Shortly after leaving San Eduardo we were on a newer highway which bypasses Dzemul and just outside of the pueblo begins to curve northward toward the coast. Destination: Telchac Puerto, a little fishing village, sprinkled with summer homes, that I had heard of but never visited. Nearing the coast, we began to catch the rich, salty aroma of the mangroves. Suddenly the trees thinned out and we were crossing the estuary that parallels large stretches of the northern Yucatàn coast, separated from the open Gulf of Mexico by barrier islands or ridges of dunes, upon which are constructed most of the beach side towns.
I had my eyes focused in the distance, looking for rooftops, tall coconut palms and other telltale signs that we were nearing the coast, when suddenly I heard, "WOOOOOOW, LOOOOOOK!" and promptly pulled the car off to the shoulder of the road. "Que lindo, flamencos!" Hundreds, possibly thousands of hot-pink flamingos dotted the water, stretching from the edges of the road off as far as we could see.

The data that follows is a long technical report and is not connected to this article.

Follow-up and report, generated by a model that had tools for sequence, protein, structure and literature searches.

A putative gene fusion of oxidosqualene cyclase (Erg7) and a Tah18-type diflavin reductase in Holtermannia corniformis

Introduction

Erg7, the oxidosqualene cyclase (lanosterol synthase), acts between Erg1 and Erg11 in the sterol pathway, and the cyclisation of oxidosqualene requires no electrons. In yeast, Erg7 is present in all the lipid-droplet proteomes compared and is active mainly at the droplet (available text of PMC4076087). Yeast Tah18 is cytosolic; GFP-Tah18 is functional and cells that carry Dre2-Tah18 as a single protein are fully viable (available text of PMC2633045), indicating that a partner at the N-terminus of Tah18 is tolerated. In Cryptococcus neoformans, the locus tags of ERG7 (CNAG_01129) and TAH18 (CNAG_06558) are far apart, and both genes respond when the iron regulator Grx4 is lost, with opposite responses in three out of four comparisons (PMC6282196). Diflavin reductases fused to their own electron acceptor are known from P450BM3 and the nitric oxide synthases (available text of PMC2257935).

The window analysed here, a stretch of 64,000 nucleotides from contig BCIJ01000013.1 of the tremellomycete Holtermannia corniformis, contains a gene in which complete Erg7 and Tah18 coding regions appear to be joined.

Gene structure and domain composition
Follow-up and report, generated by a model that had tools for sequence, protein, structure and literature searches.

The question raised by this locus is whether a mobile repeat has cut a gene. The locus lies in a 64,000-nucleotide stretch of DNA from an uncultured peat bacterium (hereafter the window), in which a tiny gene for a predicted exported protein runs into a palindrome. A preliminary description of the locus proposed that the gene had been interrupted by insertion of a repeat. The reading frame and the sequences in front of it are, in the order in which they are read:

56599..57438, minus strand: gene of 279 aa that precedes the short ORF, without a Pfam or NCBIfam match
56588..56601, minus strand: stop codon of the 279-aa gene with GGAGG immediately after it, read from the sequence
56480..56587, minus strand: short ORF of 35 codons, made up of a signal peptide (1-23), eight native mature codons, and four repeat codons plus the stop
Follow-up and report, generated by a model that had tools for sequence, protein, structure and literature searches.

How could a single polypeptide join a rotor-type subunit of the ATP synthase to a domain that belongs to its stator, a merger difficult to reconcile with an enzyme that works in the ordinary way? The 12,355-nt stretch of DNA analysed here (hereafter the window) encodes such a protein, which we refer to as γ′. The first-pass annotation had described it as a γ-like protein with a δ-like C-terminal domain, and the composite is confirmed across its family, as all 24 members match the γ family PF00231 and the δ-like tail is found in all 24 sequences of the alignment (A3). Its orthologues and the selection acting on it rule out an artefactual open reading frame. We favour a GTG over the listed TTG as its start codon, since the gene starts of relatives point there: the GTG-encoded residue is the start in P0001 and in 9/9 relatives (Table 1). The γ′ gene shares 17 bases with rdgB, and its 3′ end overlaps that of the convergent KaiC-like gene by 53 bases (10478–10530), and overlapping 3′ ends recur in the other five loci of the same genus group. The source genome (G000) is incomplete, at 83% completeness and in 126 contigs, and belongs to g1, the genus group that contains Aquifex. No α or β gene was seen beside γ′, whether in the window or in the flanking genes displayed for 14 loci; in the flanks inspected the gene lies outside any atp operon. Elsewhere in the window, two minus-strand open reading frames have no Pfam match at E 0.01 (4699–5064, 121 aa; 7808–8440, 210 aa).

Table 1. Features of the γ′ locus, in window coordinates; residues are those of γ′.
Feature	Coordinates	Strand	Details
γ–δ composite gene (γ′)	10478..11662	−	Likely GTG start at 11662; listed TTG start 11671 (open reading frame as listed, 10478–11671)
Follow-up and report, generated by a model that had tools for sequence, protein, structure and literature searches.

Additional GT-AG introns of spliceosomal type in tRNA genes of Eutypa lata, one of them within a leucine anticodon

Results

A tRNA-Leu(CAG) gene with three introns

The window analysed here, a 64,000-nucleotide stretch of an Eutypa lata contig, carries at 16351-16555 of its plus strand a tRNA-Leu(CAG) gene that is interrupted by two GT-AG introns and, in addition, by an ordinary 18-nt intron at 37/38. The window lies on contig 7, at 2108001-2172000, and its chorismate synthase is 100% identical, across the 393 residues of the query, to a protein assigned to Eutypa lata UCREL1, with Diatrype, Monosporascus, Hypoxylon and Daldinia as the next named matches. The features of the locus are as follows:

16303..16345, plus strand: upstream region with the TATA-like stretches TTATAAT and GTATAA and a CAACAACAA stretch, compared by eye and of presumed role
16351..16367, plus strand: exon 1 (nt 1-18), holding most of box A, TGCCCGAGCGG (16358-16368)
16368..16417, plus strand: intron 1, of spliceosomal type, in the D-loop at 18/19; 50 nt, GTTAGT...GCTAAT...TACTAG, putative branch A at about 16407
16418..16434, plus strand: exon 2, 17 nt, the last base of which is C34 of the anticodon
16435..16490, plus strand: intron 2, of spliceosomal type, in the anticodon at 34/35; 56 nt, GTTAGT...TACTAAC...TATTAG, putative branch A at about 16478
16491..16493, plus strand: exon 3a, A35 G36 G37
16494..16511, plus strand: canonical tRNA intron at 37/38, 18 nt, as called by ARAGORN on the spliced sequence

To see so many of these beautiful birds in one place is a stunning experience, and to happen upon them without expecting to makes it much more exciting. But my friend kept Ooooo-ing and exclaiming in such an extended way that I asked him why he was so excited. He replied simply, "I have never seen real, wild flamingos. Only on TV and at the zoo." I expressed my surprise that he, a nature fanatic and lifelong resident of the area, had never seen these birds before. And, even as I blurted the question, "Why not?" and Victor began to explain, I realized that I already knew the answer.